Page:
Has the city of Monterrey overtaken Guadalajara and Mexico City as the center of Mexican football?
From a purely economic perspective, Monterrey is one of the most affluent cities in not only Mexico, but all of Latin America. The city is a major business hub in the northeastern region of the country and is home to a number of domestic and international companies. Much like the economic influence the region has exerted on the rest of Mexico, the region’s clubs have demonstrated a parallel in the context of the nation’s football. The Monterrey Metropolitan Area has two football teams in the Liga MX, Club de Fútbol Monterrey, commonly as Rayados, and Tigres de UANL. The preeminence that both clubs have shown in both domestic and international competitions, coupled with their economic pull and big names, serves as evidence for the rise of Monterrey as the new capital of Mexican football.
Given the area’s significant wealth and recognition as one of Mexico’s most developed regions, perhaps the economic power that both Tigres and Monterrey have shown should be unsurprising. According to transfermarkt, Monterrey and Tigres have the squads with the highest market values in Liga MX. While Chivas and América, the historic powers of Mexican football, have expensive squads as well, in this context neither can match Rayados or Tigres.
This fact signals a shift toward the northern region of Mexico in the balance of the country’s footballing power. Monterrey has gained ground on the traditional hubs of power, Guadalajara and Mexico City, as the capital of Liga MX. Although economic strength and spending aren’t the only components that contribute to success on the pitch, their influence is unarguable.
This influence has been evident in the context of the clubs’ participation in both domestic and international competitions. In the past eight years, no other Mexican city has been involved in as many finals as Monterrey. The ascendancy of the city’s clubs has not been limited to the league in the Clausura and Apertura tournaments, but includes the CONCACAF Champions League, Copa MX, and Copa Libertadores.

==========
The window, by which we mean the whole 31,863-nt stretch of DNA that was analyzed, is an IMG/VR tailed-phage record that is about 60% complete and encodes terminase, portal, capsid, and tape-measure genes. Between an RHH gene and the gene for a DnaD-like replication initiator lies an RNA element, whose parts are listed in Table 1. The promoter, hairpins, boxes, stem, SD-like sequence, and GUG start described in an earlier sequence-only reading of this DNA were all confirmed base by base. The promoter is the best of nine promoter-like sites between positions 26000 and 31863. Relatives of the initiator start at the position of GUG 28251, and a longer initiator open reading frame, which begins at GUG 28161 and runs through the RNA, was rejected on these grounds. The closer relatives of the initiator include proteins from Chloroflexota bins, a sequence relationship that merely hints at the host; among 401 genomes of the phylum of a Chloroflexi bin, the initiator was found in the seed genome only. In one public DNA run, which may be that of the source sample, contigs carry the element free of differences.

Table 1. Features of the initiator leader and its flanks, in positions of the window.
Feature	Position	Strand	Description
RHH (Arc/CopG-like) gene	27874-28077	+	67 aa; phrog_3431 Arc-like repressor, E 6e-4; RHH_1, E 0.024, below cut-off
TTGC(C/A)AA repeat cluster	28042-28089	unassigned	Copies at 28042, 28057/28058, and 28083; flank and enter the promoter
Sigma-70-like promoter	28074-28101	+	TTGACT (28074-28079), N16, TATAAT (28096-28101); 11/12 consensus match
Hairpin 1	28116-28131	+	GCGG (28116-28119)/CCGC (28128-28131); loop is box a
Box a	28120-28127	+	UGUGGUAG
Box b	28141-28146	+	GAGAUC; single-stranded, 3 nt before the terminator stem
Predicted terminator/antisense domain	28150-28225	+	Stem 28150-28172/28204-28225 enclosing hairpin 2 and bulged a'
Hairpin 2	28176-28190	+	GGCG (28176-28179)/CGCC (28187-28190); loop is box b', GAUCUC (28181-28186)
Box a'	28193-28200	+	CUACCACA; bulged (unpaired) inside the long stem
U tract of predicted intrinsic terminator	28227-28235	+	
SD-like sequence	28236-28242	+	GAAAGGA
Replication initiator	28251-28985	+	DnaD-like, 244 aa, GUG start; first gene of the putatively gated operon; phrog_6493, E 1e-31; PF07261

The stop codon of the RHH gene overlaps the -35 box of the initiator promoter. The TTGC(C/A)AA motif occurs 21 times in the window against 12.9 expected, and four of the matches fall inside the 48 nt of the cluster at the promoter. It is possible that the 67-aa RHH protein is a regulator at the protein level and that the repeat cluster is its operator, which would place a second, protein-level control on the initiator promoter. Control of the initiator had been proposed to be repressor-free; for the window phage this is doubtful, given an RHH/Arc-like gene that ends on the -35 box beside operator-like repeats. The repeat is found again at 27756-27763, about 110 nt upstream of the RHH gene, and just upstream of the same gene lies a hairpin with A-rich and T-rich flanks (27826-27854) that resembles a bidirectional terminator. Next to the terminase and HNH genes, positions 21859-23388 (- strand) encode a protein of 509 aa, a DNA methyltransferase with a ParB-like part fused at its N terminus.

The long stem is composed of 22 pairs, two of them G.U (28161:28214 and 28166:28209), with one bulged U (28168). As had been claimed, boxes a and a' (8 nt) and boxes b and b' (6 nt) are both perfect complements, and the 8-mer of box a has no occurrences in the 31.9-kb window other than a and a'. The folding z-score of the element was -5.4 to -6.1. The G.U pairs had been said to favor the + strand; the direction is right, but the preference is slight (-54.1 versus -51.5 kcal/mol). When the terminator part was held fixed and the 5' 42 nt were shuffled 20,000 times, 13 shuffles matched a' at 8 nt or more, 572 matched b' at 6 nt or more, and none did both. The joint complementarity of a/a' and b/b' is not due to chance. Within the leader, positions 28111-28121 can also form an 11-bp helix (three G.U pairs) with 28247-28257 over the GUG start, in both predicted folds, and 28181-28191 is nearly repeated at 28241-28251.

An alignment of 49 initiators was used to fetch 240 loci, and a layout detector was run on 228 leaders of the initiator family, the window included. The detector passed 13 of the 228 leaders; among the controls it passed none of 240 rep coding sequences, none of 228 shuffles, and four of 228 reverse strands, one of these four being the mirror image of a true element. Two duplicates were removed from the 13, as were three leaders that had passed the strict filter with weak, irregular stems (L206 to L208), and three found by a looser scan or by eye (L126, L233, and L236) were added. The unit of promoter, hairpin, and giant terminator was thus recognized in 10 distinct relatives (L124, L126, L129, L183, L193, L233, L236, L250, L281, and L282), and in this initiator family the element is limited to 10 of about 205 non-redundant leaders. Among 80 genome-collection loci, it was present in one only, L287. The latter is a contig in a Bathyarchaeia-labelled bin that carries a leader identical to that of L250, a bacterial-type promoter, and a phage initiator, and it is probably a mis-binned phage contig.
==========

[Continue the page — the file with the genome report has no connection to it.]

Under manager Tuca Ferretti, Tigres has consolidated its position as one of the top teams in Mexico. In addition to their success in the league, Tigres won the Copa MX in 2014, reached the final of the Copa Libertadores, and reached the final of the CONCACAF Champions League on two occasions. Prior to Tigres’ dominance, Rayados had their own period of superiority from 2009 to 2013. Under the command of Victor Manuel Vucetich, they won two Apertura titles, an accomplishment they complemented with three CONCACAF Champions League titles.
Both Monterrey-based clubs have also been able to attract big names relative to other clubs in Liga MX. While América and Chivas may boast well-known names like Oribe Peralta and Alan Pulido, neither of those players can match the international pedigree of a player like André-Pierre Gignac. Players like Edwin Cardona, Carlos Sanchez, Eduardo Vargas, and Gignac have the recognition and international stature that players in other Mexican clubs simply do not. Little by little, the recruitment of these stars is not only improving the level of Liga MX, but further establishing Monterrey’s status as the seat of Mexican football.
As Liga MX fans have come to see, it has become customary for Monterrey’s clubs to not only attract the biggest names, but enjoy the most success. Should this trend continue, Monterrey’s status as the capital of Mexican football will become even harder to dispute.